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General Court: how many flats are too many?

In Case T-713/13, the following opposition was appealed before the GC :

9Flats GmbH (Germany)

Tibesoca SL (earlier Spanish marks)


Classes 36, 38, 39 and 43

Class 43 including accomodation and travel services


The relevant territory is Spain and the relevant public is the general public, reasonably well informed and reasonably observant and circumspect, showing an average level of attention.

Regarding the comparison of the services at issue, the Board of Appeal upheld the finding of the Opposition Division relating to services deemed identical or similar, with the exception of ‘services' rental and / or brokerage of sports equipment, namely diving equipment, water sports for equipment rental and / or brokerage of sports equipment, namely bicycle "in Class 39 covered by the mark applied for.

Regarding the comparison of the signs, the Board of Appeal considered that they are similar visually and phonetically, but not conceptually. First, with regard to the applicant's argument that the Spanish public would understand the meaning of the word "flats" to mean a dwelling, it is a simple unsupported assertion. The cases relied on by the applicant, on the understanding of English in the Scandinavian countries, the Netherlands and Finland, is not relevant in assessing the understanding of this language by the Spanish public. In this regard, the Court, however, considered that the degree of familiarity of the Spanish public with the English language was generally held low (see Judgment of 18 April 2007 House of Donuts / OHIM). The word "Flats" is not a base word in the English language, the Board of Appeal rightly considered that it would be understood by the Spanish public. Therefore, is also irrelevant the applicant's argument that the word "casa", which is the Spanish translation of the English word "Flats" is descriptive for hosting services.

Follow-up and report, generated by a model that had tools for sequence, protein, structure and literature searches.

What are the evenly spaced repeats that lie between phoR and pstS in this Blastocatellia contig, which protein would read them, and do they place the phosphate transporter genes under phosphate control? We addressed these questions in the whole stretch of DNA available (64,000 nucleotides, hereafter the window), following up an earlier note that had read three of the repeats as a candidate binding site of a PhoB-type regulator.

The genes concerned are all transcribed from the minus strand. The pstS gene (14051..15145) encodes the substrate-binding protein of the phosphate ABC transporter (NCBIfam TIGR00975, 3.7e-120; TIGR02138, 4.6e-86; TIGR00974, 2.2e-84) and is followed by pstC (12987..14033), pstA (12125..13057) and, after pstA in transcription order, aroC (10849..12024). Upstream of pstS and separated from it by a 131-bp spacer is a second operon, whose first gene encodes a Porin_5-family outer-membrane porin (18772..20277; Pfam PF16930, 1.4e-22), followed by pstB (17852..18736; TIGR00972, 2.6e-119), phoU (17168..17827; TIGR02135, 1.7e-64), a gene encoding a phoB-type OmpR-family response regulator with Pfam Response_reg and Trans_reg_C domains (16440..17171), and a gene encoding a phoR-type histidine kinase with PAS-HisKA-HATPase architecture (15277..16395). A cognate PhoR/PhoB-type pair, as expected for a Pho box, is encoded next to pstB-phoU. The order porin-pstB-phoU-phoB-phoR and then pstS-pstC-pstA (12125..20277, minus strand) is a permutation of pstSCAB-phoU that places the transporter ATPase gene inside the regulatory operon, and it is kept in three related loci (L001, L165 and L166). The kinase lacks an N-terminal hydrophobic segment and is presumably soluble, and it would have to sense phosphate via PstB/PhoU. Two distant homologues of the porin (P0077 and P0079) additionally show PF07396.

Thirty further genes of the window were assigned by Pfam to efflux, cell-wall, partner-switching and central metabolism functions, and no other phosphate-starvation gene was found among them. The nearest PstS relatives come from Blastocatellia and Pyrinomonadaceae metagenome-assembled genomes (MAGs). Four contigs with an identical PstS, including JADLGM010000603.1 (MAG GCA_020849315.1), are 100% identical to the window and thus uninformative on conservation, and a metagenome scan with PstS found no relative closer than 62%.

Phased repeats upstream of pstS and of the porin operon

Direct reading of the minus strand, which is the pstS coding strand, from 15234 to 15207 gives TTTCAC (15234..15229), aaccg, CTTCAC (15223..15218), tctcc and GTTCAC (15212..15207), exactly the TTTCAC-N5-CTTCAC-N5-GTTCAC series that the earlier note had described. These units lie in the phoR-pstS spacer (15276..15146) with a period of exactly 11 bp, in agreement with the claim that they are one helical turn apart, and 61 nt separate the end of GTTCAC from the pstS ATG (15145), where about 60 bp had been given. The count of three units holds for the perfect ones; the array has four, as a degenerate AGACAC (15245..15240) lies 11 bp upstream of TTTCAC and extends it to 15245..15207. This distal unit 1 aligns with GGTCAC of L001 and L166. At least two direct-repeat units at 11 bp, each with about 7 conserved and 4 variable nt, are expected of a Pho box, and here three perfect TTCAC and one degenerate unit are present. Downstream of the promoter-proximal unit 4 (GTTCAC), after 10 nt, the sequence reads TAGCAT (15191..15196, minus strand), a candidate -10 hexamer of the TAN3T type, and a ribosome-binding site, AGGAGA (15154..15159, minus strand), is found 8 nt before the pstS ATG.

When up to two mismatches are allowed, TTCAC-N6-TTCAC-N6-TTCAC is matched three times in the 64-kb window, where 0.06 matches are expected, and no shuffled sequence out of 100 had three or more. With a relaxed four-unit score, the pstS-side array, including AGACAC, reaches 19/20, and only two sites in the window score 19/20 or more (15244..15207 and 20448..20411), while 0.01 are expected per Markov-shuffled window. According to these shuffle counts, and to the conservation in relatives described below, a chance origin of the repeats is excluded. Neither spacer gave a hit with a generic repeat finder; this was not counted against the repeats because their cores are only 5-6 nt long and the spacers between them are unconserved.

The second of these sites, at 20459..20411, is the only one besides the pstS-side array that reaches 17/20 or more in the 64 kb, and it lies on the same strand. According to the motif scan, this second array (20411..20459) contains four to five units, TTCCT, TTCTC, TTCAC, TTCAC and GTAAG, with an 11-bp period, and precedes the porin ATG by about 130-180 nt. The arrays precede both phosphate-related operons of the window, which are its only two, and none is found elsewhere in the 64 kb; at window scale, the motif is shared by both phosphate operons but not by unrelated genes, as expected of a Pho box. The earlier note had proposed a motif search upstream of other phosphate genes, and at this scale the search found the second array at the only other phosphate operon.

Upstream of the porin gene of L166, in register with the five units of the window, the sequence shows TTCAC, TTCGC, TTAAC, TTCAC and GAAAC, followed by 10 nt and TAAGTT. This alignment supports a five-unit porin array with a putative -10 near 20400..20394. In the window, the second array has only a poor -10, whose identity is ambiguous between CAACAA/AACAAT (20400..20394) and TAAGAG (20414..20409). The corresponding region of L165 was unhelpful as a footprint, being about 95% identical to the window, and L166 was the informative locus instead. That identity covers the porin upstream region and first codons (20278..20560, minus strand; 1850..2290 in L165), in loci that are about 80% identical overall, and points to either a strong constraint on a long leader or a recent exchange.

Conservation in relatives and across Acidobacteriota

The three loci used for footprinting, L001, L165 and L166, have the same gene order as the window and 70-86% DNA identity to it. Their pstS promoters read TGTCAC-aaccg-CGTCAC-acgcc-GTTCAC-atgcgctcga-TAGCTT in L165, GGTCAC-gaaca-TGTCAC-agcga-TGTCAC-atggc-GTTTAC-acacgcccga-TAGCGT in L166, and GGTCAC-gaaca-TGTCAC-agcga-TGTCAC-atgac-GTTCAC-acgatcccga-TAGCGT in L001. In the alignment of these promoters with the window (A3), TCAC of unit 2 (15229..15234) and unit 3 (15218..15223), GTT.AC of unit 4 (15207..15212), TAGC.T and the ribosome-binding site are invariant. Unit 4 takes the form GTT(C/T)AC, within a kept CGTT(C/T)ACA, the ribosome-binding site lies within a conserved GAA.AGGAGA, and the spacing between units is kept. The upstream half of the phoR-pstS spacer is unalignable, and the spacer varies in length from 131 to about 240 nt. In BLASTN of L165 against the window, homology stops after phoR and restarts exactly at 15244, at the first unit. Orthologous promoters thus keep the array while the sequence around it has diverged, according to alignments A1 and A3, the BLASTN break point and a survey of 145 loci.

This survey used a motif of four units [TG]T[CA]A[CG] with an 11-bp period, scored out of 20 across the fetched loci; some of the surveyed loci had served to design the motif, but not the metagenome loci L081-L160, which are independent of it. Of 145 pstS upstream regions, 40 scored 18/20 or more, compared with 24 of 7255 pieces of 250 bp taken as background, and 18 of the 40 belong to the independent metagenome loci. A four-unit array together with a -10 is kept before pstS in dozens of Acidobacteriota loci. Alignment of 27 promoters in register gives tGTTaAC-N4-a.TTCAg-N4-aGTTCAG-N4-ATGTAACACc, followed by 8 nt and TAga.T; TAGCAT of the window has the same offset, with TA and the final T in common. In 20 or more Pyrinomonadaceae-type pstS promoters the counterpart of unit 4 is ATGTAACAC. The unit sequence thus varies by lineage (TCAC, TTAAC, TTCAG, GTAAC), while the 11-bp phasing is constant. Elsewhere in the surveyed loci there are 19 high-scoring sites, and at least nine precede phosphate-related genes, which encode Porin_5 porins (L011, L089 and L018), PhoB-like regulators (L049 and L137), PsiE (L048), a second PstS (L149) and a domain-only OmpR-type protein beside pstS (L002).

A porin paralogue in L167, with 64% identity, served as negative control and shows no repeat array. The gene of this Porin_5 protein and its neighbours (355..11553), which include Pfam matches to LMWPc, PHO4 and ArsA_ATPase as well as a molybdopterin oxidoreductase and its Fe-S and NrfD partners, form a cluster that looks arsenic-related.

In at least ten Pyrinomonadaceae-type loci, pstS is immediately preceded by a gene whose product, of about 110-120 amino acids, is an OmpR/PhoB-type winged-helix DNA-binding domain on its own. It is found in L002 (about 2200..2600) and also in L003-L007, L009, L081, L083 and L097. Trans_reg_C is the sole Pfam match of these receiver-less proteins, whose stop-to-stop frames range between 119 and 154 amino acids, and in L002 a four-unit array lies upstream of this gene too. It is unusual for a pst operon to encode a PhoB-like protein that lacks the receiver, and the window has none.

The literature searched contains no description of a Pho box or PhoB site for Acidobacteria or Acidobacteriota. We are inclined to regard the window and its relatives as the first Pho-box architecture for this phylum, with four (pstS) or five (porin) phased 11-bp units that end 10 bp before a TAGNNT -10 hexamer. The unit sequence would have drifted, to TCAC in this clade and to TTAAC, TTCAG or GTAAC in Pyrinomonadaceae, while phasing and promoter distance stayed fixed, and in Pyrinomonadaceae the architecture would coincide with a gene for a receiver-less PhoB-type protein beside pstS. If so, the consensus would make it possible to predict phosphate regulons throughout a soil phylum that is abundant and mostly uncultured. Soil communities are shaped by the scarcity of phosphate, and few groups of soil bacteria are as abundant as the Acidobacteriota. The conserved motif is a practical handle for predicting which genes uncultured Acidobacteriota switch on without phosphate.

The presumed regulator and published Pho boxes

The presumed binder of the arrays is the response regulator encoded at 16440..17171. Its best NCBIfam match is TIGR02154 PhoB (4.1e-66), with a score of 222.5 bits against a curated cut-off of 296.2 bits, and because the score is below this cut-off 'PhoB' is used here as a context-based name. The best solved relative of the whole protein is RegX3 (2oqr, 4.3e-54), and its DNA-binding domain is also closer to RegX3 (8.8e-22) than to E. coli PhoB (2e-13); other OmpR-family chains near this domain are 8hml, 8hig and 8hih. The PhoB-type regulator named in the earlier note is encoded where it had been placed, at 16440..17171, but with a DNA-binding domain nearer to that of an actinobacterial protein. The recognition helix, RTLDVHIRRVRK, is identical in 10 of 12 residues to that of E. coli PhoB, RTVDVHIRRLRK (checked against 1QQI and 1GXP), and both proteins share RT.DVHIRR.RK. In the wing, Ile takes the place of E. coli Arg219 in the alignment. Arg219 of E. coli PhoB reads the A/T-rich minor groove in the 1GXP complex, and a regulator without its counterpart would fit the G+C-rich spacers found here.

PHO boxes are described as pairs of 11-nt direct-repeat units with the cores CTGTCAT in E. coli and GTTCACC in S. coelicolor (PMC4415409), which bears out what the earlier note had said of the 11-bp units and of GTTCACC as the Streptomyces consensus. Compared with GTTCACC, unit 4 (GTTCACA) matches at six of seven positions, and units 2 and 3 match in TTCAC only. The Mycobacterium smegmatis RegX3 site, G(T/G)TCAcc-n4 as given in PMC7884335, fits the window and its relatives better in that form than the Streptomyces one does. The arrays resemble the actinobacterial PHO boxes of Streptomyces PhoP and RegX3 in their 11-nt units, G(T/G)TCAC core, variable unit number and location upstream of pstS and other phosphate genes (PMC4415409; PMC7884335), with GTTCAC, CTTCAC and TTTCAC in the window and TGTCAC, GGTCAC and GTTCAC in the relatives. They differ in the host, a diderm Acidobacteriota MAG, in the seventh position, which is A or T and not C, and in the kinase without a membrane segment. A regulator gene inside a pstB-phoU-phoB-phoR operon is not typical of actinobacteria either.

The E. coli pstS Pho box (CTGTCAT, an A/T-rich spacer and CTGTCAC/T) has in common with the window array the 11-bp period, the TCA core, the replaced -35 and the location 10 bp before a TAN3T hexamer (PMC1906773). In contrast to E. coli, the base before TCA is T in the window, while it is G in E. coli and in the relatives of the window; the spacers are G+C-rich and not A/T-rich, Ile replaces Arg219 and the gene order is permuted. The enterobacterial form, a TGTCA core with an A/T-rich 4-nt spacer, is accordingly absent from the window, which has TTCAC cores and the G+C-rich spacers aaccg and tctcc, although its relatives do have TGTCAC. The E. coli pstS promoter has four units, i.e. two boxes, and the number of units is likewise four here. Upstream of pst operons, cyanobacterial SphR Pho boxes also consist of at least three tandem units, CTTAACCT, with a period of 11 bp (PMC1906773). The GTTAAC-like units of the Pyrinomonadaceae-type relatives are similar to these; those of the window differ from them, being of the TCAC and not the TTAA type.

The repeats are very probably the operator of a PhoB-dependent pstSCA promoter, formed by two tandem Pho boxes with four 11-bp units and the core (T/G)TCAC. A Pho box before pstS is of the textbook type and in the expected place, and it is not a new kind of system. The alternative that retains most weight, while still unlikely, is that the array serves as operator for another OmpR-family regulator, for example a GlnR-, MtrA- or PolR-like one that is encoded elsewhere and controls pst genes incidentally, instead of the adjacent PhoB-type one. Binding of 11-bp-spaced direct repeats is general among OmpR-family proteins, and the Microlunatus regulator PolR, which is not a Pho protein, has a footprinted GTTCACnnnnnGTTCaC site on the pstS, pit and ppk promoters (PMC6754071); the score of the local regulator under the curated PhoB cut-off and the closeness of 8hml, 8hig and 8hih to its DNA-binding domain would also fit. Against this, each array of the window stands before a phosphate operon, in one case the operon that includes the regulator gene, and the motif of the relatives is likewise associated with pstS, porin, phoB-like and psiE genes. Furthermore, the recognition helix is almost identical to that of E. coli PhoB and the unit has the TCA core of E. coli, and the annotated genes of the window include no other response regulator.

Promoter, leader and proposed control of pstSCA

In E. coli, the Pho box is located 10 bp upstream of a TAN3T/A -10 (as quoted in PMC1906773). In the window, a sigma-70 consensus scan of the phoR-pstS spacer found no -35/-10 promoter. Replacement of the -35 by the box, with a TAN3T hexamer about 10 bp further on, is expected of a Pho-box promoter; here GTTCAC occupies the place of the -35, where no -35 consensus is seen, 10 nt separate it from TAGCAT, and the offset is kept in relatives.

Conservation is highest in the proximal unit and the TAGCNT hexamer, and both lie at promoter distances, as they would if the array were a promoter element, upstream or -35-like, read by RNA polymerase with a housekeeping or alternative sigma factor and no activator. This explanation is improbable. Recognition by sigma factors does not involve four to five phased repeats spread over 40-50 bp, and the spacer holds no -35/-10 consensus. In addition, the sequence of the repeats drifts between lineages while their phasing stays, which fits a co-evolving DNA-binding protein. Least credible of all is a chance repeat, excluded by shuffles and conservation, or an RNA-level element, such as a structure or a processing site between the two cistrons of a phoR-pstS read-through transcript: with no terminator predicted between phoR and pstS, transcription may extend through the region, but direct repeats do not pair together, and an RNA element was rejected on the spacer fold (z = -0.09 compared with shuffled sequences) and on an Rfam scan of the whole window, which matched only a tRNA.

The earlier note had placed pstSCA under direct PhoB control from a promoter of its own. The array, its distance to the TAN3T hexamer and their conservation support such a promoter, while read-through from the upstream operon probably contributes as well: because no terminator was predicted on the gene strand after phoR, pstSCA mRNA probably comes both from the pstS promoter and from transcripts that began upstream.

Next, as regards the applicant's argument that the element "Flats" is descriptive in the English language, and must remain available throughout the Union, it suffices to note that the fact that there for economic operators, the need for availability of a sign can not be part of the relevant factors in assessing the existence of a risk of confusion

Consequently, since the earlier mark has a normal distinctive character, the Board of Appeal rightly concluded that, as regards the services in question considered as identical or similar, there was a likelihood of confusion between the signs.


Posted by: Laetitia Lagarde @ 15.13
Tags: General Court, likelihood of confusion, 9flats; 50flats; ,
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